clock menu more-arrow no yes

Filed under:

What’s the origin of “honky”?

Dear Cecil:

Your tireless research into etymology is to be applauded. The word I want you to trace for me is "honky" — where does it come from and how long has it been in use?

PS: I love your books. The only thing wrong with living in France is that I can't get your column or barbecue potato chips.

David J., Paris, France

Illustration by Slug Signorino

Cecil replies:

Dear David:

I like a man who’s got his priorities straight. Honky comes from bohunk and hunky, derogatory terms for Bohemian, Hungarian, and Polish immigrants that came into use around the turn of the century. According to Robert Hendrickson, author of the Encyclopedia of Word and Phrase Origins, black workers in Chicago meat-packing plants picked up the term from white workers and began applying it indiscriminately to all Caucasians. Probably thought they all looked alike.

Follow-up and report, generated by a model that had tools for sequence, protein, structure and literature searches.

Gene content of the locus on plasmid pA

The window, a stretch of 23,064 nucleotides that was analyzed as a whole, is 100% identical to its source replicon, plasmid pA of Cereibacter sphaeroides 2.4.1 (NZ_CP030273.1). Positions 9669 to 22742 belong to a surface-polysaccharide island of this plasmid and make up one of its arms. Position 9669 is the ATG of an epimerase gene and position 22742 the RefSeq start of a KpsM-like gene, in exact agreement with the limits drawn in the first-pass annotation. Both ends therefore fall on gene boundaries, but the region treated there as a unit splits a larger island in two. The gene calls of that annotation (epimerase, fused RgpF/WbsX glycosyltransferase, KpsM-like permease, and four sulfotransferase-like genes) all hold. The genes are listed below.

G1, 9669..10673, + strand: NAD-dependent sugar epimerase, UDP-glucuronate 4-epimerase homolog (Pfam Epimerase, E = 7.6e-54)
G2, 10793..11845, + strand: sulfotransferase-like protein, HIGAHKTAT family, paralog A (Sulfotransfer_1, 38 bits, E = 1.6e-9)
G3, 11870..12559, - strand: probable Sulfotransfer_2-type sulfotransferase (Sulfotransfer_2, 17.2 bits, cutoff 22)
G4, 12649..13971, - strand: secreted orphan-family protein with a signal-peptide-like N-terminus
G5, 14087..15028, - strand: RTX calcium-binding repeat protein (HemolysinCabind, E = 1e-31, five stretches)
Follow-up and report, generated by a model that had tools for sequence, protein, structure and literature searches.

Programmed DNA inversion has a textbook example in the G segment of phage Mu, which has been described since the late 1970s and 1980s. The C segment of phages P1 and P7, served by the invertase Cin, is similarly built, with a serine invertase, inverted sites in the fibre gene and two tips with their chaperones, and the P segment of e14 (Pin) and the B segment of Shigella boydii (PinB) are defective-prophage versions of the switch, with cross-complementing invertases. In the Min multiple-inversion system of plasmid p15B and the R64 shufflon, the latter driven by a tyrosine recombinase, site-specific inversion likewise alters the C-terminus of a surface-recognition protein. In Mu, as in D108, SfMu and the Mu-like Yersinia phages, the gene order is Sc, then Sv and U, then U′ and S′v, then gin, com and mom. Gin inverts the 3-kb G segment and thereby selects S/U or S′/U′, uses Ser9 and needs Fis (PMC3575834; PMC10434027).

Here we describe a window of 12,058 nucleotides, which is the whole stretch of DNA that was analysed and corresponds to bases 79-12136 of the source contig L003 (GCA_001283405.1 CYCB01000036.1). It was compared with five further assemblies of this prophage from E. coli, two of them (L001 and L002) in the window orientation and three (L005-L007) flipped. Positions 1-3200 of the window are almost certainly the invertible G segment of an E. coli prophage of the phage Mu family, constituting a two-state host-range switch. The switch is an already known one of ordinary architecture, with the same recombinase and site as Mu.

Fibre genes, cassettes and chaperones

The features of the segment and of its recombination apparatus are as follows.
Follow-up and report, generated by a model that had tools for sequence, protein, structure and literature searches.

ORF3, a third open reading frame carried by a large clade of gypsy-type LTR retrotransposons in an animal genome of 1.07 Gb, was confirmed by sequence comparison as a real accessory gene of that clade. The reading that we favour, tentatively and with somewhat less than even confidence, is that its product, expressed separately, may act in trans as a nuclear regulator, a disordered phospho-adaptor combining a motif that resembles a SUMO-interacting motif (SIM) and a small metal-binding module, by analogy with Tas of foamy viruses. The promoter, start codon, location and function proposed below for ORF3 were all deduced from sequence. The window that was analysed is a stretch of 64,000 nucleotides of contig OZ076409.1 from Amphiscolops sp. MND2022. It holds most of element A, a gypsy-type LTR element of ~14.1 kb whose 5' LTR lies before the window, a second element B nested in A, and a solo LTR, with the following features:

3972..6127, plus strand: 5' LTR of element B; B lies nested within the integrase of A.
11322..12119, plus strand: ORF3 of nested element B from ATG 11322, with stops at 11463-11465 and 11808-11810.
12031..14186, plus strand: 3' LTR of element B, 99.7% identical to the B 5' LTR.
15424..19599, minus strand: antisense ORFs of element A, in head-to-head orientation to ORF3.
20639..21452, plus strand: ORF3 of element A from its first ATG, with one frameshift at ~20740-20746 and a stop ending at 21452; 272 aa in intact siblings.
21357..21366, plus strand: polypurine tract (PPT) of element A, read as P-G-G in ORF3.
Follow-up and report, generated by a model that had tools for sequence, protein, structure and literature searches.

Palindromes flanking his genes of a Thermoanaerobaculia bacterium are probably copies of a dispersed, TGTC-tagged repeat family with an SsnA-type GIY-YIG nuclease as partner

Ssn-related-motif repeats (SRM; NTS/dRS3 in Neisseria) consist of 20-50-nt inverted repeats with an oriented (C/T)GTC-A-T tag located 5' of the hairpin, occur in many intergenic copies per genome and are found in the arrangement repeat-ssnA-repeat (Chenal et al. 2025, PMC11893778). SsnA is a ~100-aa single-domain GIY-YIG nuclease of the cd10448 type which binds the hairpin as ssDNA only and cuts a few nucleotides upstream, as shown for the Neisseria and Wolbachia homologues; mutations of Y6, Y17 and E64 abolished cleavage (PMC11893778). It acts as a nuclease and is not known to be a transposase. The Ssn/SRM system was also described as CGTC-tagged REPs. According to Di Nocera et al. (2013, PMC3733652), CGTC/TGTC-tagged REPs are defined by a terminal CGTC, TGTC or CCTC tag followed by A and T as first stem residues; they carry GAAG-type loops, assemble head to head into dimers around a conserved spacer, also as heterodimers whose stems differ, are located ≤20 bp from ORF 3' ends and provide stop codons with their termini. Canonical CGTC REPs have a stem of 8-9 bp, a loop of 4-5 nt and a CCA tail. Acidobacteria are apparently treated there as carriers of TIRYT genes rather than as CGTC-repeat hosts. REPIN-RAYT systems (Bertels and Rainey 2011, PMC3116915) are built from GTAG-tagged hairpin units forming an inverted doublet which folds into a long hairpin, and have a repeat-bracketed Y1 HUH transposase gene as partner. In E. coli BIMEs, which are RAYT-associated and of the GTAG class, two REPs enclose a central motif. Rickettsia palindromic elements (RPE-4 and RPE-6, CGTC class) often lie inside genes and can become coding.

Another source for honky

Dear Cecil:

Your source for the origin of honky only gave you half the story. Another probable etymon for honky, cited by David Dalby in his “African Element in American English” (to be found in my Rappin’ and Stylin’ Out: Communication in Urban Black America) is the Wolof term honq, “red, pink,” a term frequently used in to describe white men in African languages.

— Tom Kochman, professor of communication, University of Illinois at Chicago

Cecil Adams

Send questions to Cecil via